Justice Department’s domestic terrorism unit should come with new terrorism laws
If the new unit doesn’t come with a willingness to call political, antigovernment violence “terrorism,” then what’s the point?

The Department of Justice has a new domestic terrorism unit, a response to a threat that The Washington Post noted “has intensified dramatically in recent years.” It sure has. Matthew G. Olsen, head of DOJ’s National Security Division, told the Senate Judiciary Committee on Tuesday that since Spring 2020, the FBI’s domestic terrorism investigative caseload has doubled. But it took a full year after the Jan. 6, 2021, attack on our U.S. Capitol for DOJ to get around to forming a unit of lawyers to deal with the kinds of threats that Jill Sanborn, the FBI’s head of national security, calls “the most lethal” facing the country.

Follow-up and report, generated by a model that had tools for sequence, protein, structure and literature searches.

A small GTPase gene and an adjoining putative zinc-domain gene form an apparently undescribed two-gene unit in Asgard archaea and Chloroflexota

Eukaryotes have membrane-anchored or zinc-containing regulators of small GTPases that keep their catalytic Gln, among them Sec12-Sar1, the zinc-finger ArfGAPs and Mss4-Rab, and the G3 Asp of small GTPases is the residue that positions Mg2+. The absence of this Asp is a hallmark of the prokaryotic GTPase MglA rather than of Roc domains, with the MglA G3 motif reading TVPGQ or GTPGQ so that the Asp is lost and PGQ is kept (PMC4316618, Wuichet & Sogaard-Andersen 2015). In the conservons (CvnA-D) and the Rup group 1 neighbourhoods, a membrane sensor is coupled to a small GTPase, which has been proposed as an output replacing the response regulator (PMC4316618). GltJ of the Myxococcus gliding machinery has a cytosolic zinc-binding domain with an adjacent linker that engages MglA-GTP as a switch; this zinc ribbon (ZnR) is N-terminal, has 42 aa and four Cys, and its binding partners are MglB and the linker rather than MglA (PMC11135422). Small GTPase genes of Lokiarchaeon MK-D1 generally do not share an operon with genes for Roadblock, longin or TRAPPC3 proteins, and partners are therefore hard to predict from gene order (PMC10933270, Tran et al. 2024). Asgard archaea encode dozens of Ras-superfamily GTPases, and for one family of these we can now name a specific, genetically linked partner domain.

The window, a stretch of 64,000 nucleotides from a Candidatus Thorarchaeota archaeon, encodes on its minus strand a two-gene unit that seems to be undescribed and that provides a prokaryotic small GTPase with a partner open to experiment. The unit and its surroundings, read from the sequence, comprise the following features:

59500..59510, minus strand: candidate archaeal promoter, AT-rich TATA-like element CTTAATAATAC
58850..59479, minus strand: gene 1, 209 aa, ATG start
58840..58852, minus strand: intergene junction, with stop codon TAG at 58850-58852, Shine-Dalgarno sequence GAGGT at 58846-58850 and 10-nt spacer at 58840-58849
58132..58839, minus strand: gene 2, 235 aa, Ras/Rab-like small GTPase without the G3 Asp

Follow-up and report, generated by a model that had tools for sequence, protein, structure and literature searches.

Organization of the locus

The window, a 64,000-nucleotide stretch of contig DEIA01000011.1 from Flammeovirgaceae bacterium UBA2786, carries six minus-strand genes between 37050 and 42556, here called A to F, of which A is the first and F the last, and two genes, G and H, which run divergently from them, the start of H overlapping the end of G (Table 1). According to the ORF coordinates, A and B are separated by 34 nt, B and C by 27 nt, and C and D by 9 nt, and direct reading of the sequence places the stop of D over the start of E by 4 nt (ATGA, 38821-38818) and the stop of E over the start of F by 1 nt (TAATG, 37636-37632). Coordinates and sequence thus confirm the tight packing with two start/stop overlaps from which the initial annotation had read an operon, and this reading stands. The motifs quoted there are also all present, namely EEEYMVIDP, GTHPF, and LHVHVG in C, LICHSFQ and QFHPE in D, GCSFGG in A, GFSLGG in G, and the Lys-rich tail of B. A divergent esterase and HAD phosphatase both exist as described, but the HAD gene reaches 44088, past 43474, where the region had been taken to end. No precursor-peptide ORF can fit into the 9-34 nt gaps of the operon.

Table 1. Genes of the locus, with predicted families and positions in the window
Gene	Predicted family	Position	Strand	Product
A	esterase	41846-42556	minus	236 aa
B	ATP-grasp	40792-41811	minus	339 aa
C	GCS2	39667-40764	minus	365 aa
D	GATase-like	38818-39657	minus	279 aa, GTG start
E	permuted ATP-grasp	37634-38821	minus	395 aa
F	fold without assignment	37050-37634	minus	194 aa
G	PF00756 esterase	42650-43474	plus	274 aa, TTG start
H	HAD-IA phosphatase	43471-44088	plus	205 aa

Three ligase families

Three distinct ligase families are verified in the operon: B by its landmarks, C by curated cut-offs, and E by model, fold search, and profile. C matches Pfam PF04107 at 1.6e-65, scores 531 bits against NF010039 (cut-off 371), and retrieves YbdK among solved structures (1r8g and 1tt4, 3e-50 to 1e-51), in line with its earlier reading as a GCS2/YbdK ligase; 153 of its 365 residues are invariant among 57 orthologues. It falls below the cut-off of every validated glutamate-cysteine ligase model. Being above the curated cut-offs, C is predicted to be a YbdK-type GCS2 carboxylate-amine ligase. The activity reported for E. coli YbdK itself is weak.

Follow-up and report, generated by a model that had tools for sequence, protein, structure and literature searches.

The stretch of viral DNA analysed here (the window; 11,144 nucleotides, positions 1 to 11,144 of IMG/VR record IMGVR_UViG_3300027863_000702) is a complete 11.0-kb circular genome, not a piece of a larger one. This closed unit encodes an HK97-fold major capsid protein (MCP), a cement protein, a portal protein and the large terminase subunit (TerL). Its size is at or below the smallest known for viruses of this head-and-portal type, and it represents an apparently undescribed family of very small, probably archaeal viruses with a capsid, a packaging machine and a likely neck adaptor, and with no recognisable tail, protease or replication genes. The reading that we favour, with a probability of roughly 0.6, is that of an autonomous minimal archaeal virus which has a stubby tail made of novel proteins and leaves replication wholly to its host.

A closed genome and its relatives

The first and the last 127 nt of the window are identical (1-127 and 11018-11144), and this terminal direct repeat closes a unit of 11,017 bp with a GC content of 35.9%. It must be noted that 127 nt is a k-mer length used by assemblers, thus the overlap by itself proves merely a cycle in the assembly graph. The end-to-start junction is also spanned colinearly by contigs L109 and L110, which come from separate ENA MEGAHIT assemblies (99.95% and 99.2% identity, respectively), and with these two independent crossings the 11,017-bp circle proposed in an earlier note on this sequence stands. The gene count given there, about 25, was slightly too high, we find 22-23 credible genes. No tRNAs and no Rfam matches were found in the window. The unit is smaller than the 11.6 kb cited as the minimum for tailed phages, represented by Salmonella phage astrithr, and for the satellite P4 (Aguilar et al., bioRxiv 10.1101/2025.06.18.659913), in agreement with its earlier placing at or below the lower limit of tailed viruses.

FBI field offices and U.S. Attorney’s Offices throughout the nation are stretched to the max to combat racially or ethnically motivated violent extremism and anti-government violent extremism. For decades, the FBI has had dedicated domestic terrorism units, but creating such a unit at DOJ is welcome news that’s long overdue. Still, I have questions. Does this new unit signal meaningful and much needed change in the battle against a growing insurgency, or will it amount to administrative window dressing?

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